Reader Brian sent me a question, proving once again that “expertise” is a meaningless concept on the internet.
I really enjoy your blog — thanks for all the info and frequent posting.
That’s not actually part of the question. It just made me feel good.
I just applied for a PA position at a network comedy after meeting their showrunner at a film festival. After a chat, said showrunner told me to call his line producer at the show and say that “I [the showrunner] said to contact” him about PA work.
I need to stop you right there. Here’s the thing about showrunners, besides the fact that my spell checker hates them: they don’t often know how a show is run. They create the characters and story, but they can’t tell an electrician from a grip. (A hint: look what’s in his hand; if it has a plug, he’s an electric.)
The line producer is his contact with the actual production. Since hiring PAs is several pay grades below the LP, it’s possible this showrunner just didn’t know who to direct your query to.
I phoned this week, got hold of the line producer’s assistant, and sent her my resume for passing along to the line producer and other appropriate departments.
Never, ever, ever trust someone to forward your resume to someone else. I’ve been burned by this in the past. Through either laziness (it’s not their department, so they don’t care) or avarice (they want to have you, not that other department), it won’t get to where you want it to.
If you wanna be an art PA, ask to be transferred to the art department. If you want to work in locations, ask for the location manager. Don’t expect an assistant to do your leg work for you.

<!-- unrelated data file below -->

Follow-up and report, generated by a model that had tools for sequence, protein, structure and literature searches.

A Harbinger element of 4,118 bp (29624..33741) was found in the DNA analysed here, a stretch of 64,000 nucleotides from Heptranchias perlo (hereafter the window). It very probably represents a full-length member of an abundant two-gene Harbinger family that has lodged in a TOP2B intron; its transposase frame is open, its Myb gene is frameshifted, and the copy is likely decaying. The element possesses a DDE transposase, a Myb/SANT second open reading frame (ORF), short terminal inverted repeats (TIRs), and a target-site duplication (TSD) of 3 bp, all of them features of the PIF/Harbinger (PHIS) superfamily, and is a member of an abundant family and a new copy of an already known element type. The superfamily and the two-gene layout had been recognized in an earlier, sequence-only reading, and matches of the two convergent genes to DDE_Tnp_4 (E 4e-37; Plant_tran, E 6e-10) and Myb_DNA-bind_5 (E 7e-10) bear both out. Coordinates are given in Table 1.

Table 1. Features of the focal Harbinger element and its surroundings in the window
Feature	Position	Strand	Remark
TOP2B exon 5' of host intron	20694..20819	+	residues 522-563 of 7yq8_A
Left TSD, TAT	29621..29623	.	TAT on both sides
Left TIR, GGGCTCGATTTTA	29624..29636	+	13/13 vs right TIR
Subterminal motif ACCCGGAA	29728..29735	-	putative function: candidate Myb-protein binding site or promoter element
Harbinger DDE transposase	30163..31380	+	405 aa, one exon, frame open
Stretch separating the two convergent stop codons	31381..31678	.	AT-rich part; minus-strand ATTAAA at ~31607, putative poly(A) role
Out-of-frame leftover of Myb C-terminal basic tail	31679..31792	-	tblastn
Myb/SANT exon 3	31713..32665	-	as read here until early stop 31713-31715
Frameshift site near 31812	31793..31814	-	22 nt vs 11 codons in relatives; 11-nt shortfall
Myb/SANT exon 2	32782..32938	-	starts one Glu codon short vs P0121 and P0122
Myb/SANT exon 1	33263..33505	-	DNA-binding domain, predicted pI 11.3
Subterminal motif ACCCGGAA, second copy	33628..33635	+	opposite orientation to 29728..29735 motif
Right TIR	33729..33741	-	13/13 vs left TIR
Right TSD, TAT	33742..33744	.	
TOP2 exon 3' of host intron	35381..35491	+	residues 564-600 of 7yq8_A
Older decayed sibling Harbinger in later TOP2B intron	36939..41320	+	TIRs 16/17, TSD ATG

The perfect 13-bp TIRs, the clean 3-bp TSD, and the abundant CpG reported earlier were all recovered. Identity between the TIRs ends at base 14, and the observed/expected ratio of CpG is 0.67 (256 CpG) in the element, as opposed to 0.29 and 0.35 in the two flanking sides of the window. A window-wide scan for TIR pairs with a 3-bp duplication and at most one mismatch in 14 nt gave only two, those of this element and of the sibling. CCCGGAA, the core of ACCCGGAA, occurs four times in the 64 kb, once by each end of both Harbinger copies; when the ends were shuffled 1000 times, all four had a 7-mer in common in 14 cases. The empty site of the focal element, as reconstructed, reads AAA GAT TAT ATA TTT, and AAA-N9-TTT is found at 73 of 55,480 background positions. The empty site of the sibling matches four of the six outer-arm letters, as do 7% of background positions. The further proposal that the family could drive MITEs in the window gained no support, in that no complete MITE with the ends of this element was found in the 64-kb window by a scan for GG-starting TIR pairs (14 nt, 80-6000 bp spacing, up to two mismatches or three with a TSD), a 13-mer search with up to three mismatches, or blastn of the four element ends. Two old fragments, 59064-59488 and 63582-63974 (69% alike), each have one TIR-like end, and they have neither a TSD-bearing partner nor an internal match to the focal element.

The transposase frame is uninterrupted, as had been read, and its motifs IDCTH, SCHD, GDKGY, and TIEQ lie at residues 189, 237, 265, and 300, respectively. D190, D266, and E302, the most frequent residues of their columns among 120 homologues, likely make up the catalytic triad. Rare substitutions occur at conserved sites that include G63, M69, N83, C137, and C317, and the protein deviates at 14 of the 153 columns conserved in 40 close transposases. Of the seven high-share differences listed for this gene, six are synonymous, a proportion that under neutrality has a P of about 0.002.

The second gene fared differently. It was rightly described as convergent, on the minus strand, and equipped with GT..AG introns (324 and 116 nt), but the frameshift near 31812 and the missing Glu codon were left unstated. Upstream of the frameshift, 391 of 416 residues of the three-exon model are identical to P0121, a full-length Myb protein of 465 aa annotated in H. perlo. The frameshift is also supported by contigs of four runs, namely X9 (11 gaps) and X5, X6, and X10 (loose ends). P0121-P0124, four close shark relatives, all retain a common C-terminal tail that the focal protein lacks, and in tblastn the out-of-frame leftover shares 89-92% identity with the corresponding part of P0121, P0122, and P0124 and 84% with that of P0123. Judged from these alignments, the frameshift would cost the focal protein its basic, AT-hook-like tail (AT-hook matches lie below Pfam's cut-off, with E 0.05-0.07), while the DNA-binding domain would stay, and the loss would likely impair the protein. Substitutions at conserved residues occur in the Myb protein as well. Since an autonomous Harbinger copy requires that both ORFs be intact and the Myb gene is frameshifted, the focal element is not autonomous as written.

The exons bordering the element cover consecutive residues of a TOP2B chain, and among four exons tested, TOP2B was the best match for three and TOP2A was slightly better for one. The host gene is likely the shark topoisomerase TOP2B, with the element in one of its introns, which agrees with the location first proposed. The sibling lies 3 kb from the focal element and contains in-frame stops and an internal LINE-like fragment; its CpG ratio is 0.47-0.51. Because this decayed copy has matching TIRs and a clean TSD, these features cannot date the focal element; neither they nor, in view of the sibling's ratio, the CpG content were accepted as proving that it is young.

Also, on your initial call, you should have asked if there were any open positions. The season is well underway, and having a one-time chat with the showrunner does not guarantee you a spot. Of course, people are hired and fired all the time, so you never know. Which is why you should ask.
1. When’s the appropriate time for me to follow up?
2. When I do follow up, should I speak with the assistant again, or try for the line producer directly?
1. When I worked at an agency, my boss’s rule of thumb was 2-3 days, depending on how busy they sounded and what time of day you sent it. If you spoke on Monday, Wednesday’s a good day. Called on Wednesday? Try Friday. And so on.
2. The line producer has many more important things to do than talk to a prospective PA, unless the showrunner’s your brother. I’m assuming you would have mentioned that, so so let’s go with, “He’s just not that into you.”
Talk to the assistant. Make friends with the assistant. In a few years, she’s gonna be the line producer, and you’ll be… whatever you want to be. Hopefully, she’ll still want to talk to you.
Lastly, in this case, it’d be a good idea to get transferred to the showrunner’s assistant. Just ask him to pass along the message that it was nice to meet Alan Ball or John Rogers or whoever. You don’t want him to forget about you, either.